Who will be there for us?

by | May 12, 2024 | Blog

This article originally appeared as the Editor’s Note in the Positively Aware September/October 2006 issue. Reprinted with permission.

I am not I.
I am this one
Walking beside me whom I do not see.
Whom at times I manage to visit,
And whom at other times I forget.
Who remains calm and silent while I talk.
And forgives, gently, when I hate.
Who walks where I am not.
Who will remain standing when I die.

–Juan Ramon Jimenez

 In the summer of 1976, my father died at home after battling lung cancer. I, along with other members of my family, knelt by his side, holding his hand as he drew his last, labored breath. A tear rolled down my cheek and landed on his arm. It was sad and excruciatingly beautiful all at the same time. It was his wish that he die at home, and we were able to be there for him, to grant him that one, last wish.

In the summer of 1998, my mother died at home after a lengthy struggle with breast cancer. My mom had collapsed five days earlier and was rushed to the hospital. When I received the call, I jumped in the car and raced 180 miles home to find her on life support, unresponsive, and in a coma. My brother, sisters, and I remained by her side for the next five days, taking shifts, as the doctors ran every conceivable test. We talked to her, played her favorite music, sang to her, and cried. When the doctors determined that there was no chance of recovery, the decision was made to bring her home, and to get her out of that dreary hospital room, so that she could spend the last few moments of her life surrounded by those she loved, in the home my dad had helped to build, and where I had spent my entire childhood.

As hospital rules dictated, they had to remove my mom from life-support while still at the hospital, so there was a chance that she might not have survived the ambulance ride home. My mom, bless her heart. lived another 18 hours. We were by her side the next morning, as the sky began to lighten, and the birds began to sing, one of her favorite songs, “Morning Has Broken,” was playing on the tape machine, and she drew her last breath.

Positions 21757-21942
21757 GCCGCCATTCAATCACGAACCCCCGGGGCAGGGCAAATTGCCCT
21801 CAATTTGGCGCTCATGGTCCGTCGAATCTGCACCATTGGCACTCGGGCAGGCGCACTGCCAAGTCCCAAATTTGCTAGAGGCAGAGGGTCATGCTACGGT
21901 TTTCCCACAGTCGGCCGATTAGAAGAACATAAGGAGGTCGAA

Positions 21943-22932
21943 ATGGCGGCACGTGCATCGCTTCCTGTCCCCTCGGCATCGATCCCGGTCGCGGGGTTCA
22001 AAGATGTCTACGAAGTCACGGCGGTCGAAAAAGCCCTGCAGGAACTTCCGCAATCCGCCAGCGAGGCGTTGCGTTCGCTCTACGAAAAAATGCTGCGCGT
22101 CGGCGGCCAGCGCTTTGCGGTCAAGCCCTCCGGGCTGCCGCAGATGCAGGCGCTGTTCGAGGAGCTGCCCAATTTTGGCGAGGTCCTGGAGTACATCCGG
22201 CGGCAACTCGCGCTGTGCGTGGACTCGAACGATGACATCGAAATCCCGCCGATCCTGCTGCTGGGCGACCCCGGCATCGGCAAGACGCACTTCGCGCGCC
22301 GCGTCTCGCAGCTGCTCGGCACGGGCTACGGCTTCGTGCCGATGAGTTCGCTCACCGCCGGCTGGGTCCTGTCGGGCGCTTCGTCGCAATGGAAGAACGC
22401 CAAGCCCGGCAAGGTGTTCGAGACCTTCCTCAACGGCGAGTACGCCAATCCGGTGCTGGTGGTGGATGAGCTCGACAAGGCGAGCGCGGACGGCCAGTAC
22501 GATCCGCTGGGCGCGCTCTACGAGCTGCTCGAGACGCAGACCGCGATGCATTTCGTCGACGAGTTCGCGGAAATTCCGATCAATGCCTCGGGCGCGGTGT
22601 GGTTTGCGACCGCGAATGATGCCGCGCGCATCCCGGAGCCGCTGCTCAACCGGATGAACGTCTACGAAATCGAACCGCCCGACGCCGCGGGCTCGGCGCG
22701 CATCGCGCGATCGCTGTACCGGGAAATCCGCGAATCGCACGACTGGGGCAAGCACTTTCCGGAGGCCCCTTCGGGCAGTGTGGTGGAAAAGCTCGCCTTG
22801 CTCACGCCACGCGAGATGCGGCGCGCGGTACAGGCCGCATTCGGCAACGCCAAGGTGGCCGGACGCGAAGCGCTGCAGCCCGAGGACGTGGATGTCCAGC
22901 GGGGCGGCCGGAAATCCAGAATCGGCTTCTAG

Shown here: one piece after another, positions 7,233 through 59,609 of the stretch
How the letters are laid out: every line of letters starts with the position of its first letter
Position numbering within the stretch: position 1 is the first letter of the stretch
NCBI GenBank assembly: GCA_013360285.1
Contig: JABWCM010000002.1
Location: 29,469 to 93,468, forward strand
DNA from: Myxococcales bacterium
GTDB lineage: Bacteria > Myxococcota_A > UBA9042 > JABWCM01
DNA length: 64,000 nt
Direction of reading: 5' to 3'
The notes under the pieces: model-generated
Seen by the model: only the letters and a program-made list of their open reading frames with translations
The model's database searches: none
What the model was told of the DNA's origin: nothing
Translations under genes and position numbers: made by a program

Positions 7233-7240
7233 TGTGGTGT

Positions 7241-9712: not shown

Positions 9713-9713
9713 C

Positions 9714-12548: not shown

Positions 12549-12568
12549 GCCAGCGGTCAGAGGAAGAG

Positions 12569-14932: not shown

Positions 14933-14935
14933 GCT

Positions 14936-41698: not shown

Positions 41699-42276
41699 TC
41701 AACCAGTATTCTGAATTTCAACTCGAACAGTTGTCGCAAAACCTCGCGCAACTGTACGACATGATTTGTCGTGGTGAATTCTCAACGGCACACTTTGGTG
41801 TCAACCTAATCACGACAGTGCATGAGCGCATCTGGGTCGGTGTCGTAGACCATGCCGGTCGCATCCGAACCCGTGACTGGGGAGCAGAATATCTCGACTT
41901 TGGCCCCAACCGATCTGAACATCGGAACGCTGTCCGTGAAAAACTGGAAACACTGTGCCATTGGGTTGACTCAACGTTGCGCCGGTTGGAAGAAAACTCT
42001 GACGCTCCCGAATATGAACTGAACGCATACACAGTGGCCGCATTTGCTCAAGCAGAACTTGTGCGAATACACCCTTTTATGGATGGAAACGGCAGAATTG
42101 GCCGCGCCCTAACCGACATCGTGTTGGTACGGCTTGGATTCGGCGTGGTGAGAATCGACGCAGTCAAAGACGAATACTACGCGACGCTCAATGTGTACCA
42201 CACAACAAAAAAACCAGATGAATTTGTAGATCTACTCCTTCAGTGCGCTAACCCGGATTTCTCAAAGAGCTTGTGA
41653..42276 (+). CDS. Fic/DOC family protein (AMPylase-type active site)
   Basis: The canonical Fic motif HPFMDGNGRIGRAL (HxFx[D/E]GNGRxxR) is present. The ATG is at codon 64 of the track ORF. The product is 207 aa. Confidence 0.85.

She was a brave soul, as were both my parents, but I learned a lot from my mom about death and dying during the last few months of her life. When my dad died, I was only seventeen, and I was young and impatient, and not nearly as close to him as I was to my mom.

Mom had been battling breast cancer for nearly 20 years; she had had two radical mastectomies, a botched implant that was later removed, several reconstructive surgeries, and suffered severe pain for many years once the cancer metastasized and spread to her bones. She underwent toxic chemotherapy treatments to keep the cancer under control, and opiates to help numb the constant pain, but she went on living more than five years, far surpassing any of the doctor’s predictions.

She never really complained or said, “Why me?” But I remember one day when she suddenly broke down in tears because she was unable to make me a tuna sandwich for lunch. She probably had the final realization that life was becoming too hard; her little body was starting to give out, and she was losing control.

The rest of my immediate family, who were with her day in and day out, they were the ones who had the hardest part. Mom required constant care, and we even had a hospital bed put in the living room, once she could no longer walk up the stairs to her bedroom. A nurse would come by for a few hours a day, and that helped out somewhat. But I had the luxury, I guess, of being able to go and visit, and then at the end of the weekend I would head back to Chicago.

I was seeing a therapist at the time (thank God) and he encouraged me during those last few months to let my mom know what she meant to me, and to ask her what I meant to her. So every chance I could, I would make the three-hour drive to Michigan, and we would spend quality time together playing cards, talking or just sitting, but I never really knew how I would broach the subject of saying goodbye.

One day when we were alone together, I finally got up the nerve and just spoke from the heart. Among other things, I told her how much I loved her, and asked her if she knew how much she meant to me. I asked her if she knew what a good mother she was. She looked deep into my eyes, and for an instant we connected as though we were one, and she told me no, that she didn’t know that, but that she had always felt it, from the moment she had first held me as a baby.

How do you say that final goodbye to someone you love? As I was leaving the last time I visited my mom, several days before she died, and I pulled the front door shut behind me, I paused and turned to smile and wave at her through the porch window. She waved back at me from her bed, and had this big, beautiful smile on her face, as if to say, “See you next time!” I didn’t know that that would be the last time we would ever communicate, but it is something that I will never forget, and will cherish forever.

Take care of yourselves, and each other.

Jeff Berry is executive director of The Reunion Project, and former editor of Positively Aware magazine. This article originally appeared as the Editor’s Note in the Positively Aware September/October 2006 issue. Reprinted with permission.


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